Disclaimer: Information below represents our findings to date. We will continue to update this post as we learn more about the Facebook Branded Content Tool for Influencers.

In April 2016, Facebook announced the release of a new tool for branded content on verified pages to create easier collaboration on sponsored posts between Pages and brands.

The initial reaction to the announcement was mostly confusion about what exactly these new guidelines meant for brands and bloggers. This was especially the case for social media influencer marketing agencies, including The Motherhood, since we work with a network of “micro influencers” who promote sponsored content on their Facebook pages frequently.

According to Markerly, marketers are seeing higher engagement results with “micro influencers,” meaning those smaller-in-reach pages produce high value for brands through their devoted and active Facebook audience.

Before we answer what this tool means for marketers running influencer campaigns, let’s back up:

What is the Facebook branded content tool?

It’s a tool integrated into Facebook that allows pages and profiles to mark content that includes a third party, brand, or sponsor.

Branded content can be a post, Instant Article, link, photo, or video. Through the branded content tool, publishers of these posts tag the marketer or sponsor’s page. The marketer who is tagged will get a notification and receive access to insights on that post (such as the number of people who have seen it, click-throughs, etc.). The brand tagged will also have the ability to boost the post through their own account.

Facebook wants sponsored content to be marked clearly, therefore updating the branded tool to include the word “Paid” in the post.

Photo credit: Facebook

Do all influencers have to use the Facebook Branded Content Tool?

When the Branded Content Tool originally was launched in April 2016, Facebook only allowed verified pages (and then later, verified profiles) to access the branded content tool. However, Facebook recently announced that they are making the tool more widely available and offering it to non-verified pages, as well.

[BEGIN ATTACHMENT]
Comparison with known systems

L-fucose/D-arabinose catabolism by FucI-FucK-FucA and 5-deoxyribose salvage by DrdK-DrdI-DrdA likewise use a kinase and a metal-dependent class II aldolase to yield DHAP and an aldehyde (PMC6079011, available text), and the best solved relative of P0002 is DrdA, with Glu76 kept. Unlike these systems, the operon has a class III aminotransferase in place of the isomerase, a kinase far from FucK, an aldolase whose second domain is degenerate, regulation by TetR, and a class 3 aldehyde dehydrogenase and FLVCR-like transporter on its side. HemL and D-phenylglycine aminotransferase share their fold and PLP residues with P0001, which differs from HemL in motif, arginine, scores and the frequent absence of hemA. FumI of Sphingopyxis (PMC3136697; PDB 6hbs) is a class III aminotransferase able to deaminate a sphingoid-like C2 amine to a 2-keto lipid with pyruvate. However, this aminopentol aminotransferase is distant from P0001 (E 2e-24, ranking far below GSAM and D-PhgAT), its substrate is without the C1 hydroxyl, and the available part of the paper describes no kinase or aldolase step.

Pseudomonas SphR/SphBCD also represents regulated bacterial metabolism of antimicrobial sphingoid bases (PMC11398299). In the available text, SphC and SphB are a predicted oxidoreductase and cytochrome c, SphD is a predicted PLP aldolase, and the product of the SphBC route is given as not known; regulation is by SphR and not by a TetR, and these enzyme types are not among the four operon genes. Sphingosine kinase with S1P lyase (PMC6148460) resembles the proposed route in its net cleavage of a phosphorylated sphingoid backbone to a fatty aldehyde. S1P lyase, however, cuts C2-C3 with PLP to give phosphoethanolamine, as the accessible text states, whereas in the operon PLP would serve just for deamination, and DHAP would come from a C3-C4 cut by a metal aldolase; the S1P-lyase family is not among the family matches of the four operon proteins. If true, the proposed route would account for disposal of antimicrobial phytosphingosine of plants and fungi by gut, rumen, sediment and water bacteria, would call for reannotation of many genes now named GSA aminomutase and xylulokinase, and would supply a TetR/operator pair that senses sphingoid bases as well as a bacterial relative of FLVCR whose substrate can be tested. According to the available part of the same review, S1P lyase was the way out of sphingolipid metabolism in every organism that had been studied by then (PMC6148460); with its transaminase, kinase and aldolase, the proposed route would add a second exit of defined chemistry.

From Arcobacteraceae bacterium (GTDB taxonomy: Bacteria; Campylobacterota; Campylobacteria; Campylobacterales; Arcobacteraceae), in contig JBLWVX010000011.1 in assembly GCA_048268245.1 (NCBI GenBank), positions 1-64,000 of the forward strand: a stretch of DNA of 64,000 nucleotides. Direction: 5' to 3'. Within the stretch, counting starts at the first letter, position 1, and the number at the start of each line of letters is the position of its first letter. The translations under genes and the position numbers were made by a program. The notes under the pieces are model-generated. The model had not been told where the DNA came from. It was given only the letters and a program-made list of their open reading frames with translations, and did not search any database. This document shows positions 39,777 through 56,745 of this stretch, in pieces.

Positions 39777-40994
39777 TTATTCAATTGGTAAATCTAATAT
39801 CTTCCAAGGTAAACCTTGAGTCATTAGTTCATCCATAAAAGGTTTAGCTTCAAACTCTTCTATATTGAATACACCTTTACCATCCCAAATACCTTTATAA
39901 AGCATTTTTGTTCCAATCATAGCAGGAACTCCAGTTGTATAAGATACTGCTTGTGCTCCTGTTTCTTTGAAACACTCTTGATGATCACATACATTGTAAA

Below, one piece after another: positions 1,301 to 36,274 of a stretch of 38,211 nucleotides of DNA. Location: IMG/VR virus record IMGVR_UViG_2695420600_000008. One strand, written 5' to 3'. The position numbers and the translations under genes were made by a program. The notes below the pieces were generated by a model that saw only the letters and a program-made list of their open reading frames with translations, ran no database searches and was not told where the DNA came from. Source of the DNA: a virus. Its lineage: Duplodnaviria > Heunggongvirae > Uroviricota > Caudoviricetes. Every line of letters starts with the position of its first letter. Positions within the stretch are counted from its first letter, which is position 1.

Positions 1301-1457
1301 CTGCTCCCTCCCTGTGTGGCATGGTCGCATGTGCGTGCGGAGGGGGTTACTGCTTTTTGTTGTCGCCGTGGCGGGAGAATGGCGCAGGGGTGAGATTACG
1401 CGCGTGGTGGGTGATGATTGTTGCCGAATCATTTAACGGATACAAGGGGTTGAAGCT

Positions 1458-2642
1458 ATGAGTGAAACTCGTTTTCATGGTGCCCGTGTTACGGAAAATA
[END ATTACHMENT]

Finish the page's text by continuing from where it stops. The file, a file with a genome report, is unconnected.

Starting in April 2017, for users on iOS and the web (and Android in the near future), any non-verified page can submit an application to access to the branded content tool. Facebook will begin to offer the tool on a rolling basis to non-verified pages that it predicts are most likely to use it. Pages will get a notification in Facebook if they are selected for the branded content tool.

We recommend that influencers apply for the Branded Content Tool. Once you are approved for tool (it usually only takes up to two days), you can easily mark which posts are sponsored by clicking the handshake icon when composing a new post. If you have any questions about using the Branded Content Tool within your current campaign with The Motherhood, feel free to reach out to your account manager to discuss.

Do I need to include a disclosure statement if I’m using the Branded Content Tool?

This one has caused some confusion among influencers and agencies. The short answer is yes, you still need to include a proper disclosure statement (“ad” or “sponsored”) for sponsored posts, even when using the handshake tool. Facebook has clearly defined the rules for branded content, which includes using disclosures in addition to the handshake tool:

“Comply with all applicable laws and regulations, including by ensuring that you provide all necessary disclosures to people using Facebook or Instagram, such as any disclosures needed to indicate the commercial nature of content posted by you.” (Facebook, August 2017)

Best practices for the Facebook Branded Content Tool for influencers moving forward:

  • If you have not already, request access to the Branded Content Tool here.
  • If a post is flagged as not complying with their branded content policies, Facebook will notify the publisher and the post will not appear in the News Feed until fixed.
  • If you are a brand or company reaching out to influencers to share branded content on their Facebook pages, we highly suggest consulting a marketing agency that has knowledge on the subject and is up-to-date on all policies. You can contact The Motherhood with inquiries at contact@themotherhood.com.

In our research since publishing this post, we have come across interesting articles on the topic that we would also like to share with you:

We are still following the news on the Facebook Branded Content Tool for Influencers, and we will be sure to keep our readers updated as the situation evolves — which, as many social media marketers know, is bound to happen! We welcome any feedback.

Updated: November 1, 2017